Editorial: No bonuses should go to proven losers

Sep. 17, 2013 @ 01:25 AM

If you dropped a bomb on a business and destroyed it, you would be charged, tried and sent to prison.

If you happen to be an executive with phenomenally poor judgment, you expect to get paid millions of dollars.

A proposed bonus plan filed by Furniture Brands International in bankruptcy court last Wednesday would give up to $3.4 million to seven top officers, and $2.17 million to 48 others, “if” they manage to lead the company out of bankruptcy.

Pardon us, but we think this is a rigged game. There already are two buyers lined up, one of which developed its plan together with Furniture Brands.

Furniture Brands says achieving the maximum bonus “will require significant efforts” by its top executives, but we don’t buy it for a minute. We will not be shocked if the target to achieve the maximum comes out somewhere around where the offer by Oaktree Capital Management already is.

In any case, under what system of logic would the same crowd of clowns and losers who drove the company into bankruptcy be deserving of any bonuses? This is a company that lost money for six consecutive years, has seen its revenue cut in half and was well down the road to money-losing year No. 7 when the cash ran out.

Analysts say Furniture Brands’ labels, including Broyhill and Thomasville, have lost market share (and, thus, value) because of mismanagement.

Pamela N. Danziger, president of marketing consulting firm Unity Marketing, recently wrote that the source of the company’s problems is that executives “kept doing business in the same old way, while everything else around them changed, most especially the furniture customer’s diminished taste for traditional styles sold in traditional furniture stores at list prices. The company got deeply into debt borrowing against the false assumption that once the recession eased, their old customers would come back to their brands. But that was a bad bet, since more aggressive, customer-attuned and innovative home furnishings companies changed with the times. Competitors like Restoration Hardware, which Furniture Brands didn’t even have to think about five years ago, has now emerged as a powerhouse since the recession.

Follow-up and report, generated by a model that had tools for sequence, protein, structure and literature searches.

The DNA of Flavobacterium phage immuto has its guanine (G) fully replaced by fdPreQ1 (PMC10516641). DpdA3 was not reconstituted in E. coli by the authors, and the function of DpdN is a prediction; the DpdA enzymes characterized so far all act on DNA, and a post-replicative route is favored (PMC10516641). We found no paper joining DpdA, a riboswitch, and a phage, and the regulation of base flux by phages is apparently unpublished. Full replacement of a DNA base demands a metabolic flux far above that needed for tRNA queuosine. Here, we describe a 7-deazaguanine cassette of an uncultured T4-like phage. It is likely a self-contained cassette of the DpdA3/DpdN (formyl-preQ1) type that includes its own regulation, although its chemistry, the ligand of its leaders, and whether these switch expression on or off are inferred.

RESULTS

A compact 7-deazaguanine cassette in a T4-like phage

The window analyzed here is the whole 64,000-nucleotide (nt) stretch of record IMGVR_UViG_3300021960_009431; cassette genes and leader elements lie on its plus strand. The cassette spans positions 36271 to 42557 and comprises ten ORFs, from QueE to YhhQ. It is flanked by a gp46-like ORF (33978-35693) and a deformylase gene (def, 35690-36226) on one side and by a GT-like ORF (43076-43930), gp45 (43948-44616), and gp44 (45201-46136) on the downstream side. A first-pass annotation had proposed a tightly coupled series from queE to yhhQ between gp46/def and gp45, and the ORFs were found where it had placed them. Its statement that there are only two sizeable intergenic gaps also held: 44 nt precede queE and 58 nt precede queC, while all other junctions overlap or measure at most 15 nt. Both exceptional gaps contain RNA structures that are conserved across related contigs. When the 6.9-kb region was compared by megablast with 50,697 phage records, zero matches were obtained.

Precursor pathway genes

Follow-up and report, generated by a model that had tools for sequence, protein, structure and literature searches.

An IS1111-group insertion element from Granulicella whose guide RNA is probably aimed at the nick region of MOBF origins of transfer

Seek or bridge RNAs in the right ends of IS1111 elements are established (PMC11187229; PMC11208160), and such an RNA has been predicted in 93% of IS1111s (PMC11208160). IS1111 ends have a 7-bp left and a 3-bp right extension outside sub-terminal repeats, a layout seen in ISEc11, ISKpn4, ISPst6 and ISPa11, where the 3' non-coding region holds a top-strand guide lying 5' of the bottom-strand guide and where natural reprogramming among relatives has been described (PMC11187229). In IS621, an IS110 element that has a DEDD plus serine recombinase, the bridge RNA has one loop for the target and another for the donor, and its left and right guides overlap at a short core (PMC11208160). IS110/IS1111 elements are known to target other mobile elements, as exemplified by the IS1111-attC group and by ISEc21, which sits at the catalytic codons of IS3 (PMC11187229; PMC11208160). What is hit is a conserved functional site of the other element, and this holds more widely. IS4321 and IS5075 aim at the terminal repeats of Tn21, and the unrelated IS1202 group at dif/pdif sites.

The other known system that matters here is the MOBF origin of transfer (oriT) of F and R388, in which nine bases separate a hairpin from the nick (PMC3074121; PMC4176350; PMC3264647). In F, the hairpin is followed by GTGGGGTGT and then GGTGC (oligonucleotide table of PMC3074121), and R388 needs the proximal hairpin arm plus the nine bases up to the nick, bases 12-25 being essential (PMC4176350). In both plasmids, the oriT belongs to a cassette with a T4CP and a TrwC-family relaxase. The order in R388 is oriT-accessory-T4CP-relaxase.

“To me it is sad to see a once-great company with great brands go down the tubes mainly because they failed to respond to customer changes happening right under their noses, but that they failed to recognize.”

Got that? Furniture Brands went “down the tubes” because its top executives were blind to “customer changes happening right under their noses,” and this is the group that thinks it deserves bonuses? These are the people that the company desperately needs to retain? Why? What do they bring to the game? If Furniture Brands were a football team, these executives would be the players who fumble the ball in every game, and the CEO would be the coach who always calls the wrong play.

Budd Bugatch, an analyst at Raymond James in St. Petersburg, Fla., wrote in a report last week that Furniture Brands leadership compares unfavorably even against predecessor company Interco, which filed for bankruptcy protection in 1991:

“The stewardship of the current regime, however, was far worse in our view,” he wrote. “The cadence of change it attempted to orchestrate was destructive, not just disruptive.”

We agree with David Nicklaus, a business columnist at the Post-Dispatch in St. Louis, where Furniture Brands is based. Nicklaus wrote in a column this past weekend:

“It would be nice to see a judge stand up for transparency, and maybe even question the retention argument. Do creditors really need to retain the folks who ran the company off the rails in the first place?”